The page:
Retrievers can certainly be taught to quarter though they are unlikely to do so with the speed and enthusiasm of a working bred spaniel. That said, if you want to rough shoot over your Labrador there is no reason why you should not have a go at teaching him to quarter.
I have had some success in this respect but find that labs lose ‘pace’ quite rapidly unless there is a lot of game about. Whereas a good working spaniel will keep hunting hard even when game and scent is scarce.
Pace matters because the dog has to cover many yards for every step you take forwards. And rough shooting over a slow moving dog is about as interesting as watching paint dry.
Picture the field you are standing in with a big arrow pointing into the wind. If you are not sure how to work out wind direction take a little bag of flour with you and sprinkle it from your fingers. Watch the way it drifts.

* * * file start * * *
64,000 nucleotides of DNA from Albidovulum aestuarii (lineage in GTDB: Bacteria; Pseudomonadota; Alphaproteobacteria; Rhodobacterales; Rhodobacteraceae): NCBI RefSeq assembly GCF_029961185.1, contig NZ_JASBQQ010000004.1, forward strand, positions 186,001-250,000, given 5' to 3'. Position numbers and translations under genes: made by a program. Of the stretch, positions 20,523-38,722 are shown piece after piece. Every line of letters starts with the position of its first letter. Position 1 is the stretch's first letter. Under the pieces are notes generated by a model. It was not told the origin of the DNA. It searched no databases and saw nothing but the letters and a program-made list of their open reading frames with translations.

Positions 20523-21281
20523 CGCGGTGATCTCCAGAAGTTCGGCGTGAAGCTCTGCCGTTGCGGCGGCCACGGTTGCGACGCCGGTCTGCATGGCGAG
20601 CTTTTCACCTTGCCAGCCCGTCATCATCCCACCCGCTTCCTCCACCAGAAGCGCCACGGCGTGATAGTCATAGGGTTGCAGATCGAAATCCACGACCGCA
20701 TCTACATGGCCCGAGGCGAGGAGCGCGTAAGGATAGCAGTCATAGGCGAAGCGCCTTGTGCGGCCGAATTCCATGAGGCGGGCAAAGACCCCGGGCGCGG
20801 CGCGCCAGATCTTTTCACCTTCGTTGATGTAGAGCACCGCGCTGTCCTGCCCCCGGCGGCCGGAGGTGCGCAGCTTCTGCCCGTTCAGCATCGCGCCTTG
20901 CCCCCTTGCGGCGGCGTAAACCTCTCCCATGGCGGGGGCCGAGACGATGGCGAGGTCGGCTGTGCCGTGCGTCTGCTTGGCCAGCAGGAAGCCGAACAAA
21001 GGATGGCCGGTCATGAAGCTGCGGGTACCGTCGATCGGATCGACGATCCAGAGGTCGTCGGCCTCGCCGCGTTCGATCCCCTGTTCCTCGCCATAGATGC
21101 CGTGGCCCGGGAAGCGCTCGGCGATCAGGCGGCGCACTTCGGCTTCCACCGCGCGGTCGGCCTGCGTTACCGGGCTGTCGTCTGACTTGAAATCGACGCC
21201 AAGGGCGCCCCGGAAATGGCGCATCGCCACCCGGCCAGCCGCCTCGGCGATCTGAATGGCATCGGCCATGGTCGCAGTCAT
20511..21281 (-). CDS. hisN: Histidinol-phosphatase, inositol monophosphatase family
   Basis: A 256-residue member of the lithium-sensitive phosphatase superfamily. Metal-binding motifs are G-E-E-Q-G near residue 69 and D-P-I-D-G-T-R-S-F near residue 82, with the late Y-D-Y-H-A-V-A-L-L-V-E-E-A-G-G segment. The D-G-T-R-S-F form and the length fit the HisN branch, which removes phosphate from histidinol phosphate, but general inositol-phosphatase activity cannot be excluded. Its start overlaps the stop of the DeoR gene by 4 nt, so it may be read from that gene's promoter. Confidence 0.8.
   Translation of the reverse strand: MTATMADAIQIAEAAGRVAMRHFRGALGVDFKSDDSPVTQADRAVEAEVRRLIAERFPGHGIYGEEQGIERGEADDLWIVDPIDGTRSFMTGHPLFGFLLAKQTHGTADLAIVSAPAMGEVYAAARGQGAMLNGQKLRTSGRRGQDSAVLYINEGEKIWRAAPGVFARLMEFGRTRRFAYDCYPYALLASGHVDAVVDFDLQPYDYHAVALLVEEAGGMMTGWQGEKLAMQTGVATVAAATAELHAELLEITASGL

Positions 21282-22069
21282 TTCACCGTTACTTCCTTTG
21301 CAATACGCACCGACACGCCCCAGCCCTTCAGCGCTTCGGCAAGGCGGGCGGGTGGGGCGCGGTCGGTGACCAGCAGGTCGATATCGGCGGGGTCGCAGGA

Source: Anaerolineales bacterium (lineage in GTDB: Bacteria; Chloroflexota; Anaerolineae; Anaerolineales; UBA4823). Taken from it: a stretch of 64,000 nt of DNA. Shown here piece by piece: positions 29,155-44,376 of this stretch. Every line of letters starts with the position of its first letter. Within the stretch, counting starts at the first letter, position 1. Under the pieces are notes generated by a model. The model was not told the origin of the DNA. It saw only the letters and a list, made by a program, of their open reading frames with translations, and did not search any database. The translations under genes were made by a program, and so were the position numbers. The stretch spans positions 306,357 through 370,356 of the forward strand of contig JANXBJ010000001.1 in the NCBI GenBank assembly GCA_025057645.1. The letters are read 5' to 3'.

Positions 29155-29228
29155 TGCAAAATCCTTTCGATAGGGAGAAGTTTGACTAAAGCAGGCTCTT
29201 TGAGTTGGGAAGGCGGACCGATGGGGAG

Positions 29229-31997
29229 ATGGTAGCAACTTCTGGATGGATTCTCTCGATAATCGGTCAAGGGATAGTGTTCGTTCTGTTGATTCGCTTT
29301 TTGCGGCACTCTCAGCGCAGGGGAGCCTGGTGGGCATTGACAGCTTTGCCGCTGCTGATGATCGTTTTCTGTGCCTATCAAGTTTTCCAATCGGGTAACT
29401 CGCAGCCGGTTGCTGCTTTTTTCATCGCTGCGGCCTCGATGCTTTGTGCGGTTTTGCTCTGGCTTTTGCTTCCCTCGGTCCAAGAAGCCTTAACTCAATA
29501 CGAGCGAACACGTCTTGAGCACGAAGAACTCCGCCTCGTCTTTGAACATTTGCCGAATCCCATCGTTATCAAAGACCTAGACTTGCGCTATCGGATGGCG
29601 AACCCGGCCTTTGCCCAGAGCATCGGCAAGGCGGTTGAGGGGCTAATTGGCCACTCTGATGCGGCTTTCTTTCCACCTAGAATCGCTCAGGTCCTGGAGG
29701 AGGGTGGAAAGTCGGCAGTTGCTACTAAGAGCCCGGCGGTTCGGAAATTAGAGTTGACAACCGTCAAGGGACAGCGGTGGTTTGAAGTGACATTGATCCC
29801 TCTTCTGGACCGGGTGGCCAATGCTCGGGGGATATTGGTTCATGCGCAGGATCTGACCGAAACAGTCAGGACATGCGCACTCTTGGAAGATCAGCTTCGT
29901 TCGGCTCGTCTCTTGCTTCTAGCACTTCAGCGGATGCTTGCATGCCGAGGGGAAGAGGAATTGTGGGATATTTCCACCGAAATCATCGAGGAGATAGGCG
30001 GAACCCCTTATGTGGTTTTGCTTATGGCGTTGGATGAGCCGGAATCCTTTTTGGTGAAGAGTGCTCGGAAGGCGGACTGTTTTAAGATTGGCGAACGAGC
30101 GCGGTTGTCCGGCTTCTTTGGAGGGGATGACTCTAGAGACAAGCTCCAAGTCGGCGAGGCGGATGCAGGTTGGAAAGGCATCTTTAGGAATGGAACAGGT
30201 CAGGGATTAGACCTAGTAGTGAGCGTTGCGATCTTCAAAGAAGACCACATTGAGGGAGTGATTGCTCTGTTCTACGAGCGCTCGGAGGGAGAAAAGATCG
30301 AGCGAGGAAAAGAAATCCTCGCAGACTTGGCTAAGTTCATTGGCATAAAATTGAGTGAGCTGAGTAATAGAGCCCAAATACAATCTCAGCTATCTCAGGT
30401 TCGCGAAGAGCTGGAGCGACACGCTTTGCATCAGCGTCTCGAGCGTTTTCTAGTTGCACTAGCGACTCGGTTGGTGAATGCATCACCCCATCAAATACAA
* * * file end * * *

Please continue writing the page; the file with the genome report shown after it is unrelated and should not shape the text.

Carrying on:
Now whilst your overall path will be in the direction of the arrow with the wind in your face, you will actually be running from side to side across it. So that the wind will first be on one side of your face, then as you turn round it will be on the other.
You will be zig-zagging all the way down the field. Your dog will love this.
Set off with huge exaggeration running across the wind. Do whatever it takes to get the dog’s interest. Whoop, clap your hands, whatever. Run fast and get the dog racing after you.
Let him overshoot you and whilst he is travelling on a few yards or so about turn and start running the other way. Look over your shoulder and make sure he has spotted you. He probably will have. If not, start whooping and clapping again to attract his attention. As he shoots past you, about turn and go the other way again.
Carry on like this zig-zagging along with the dog travelling a bit further than you do in each direction.
Stop whilst his speed is still high
How long you should keep this up for depends on your dog (and on how fit you are). Whilst the dog is fresh he will fly on past you in each direction, some dogs can keep this up for ages, others lose pace more rapidly.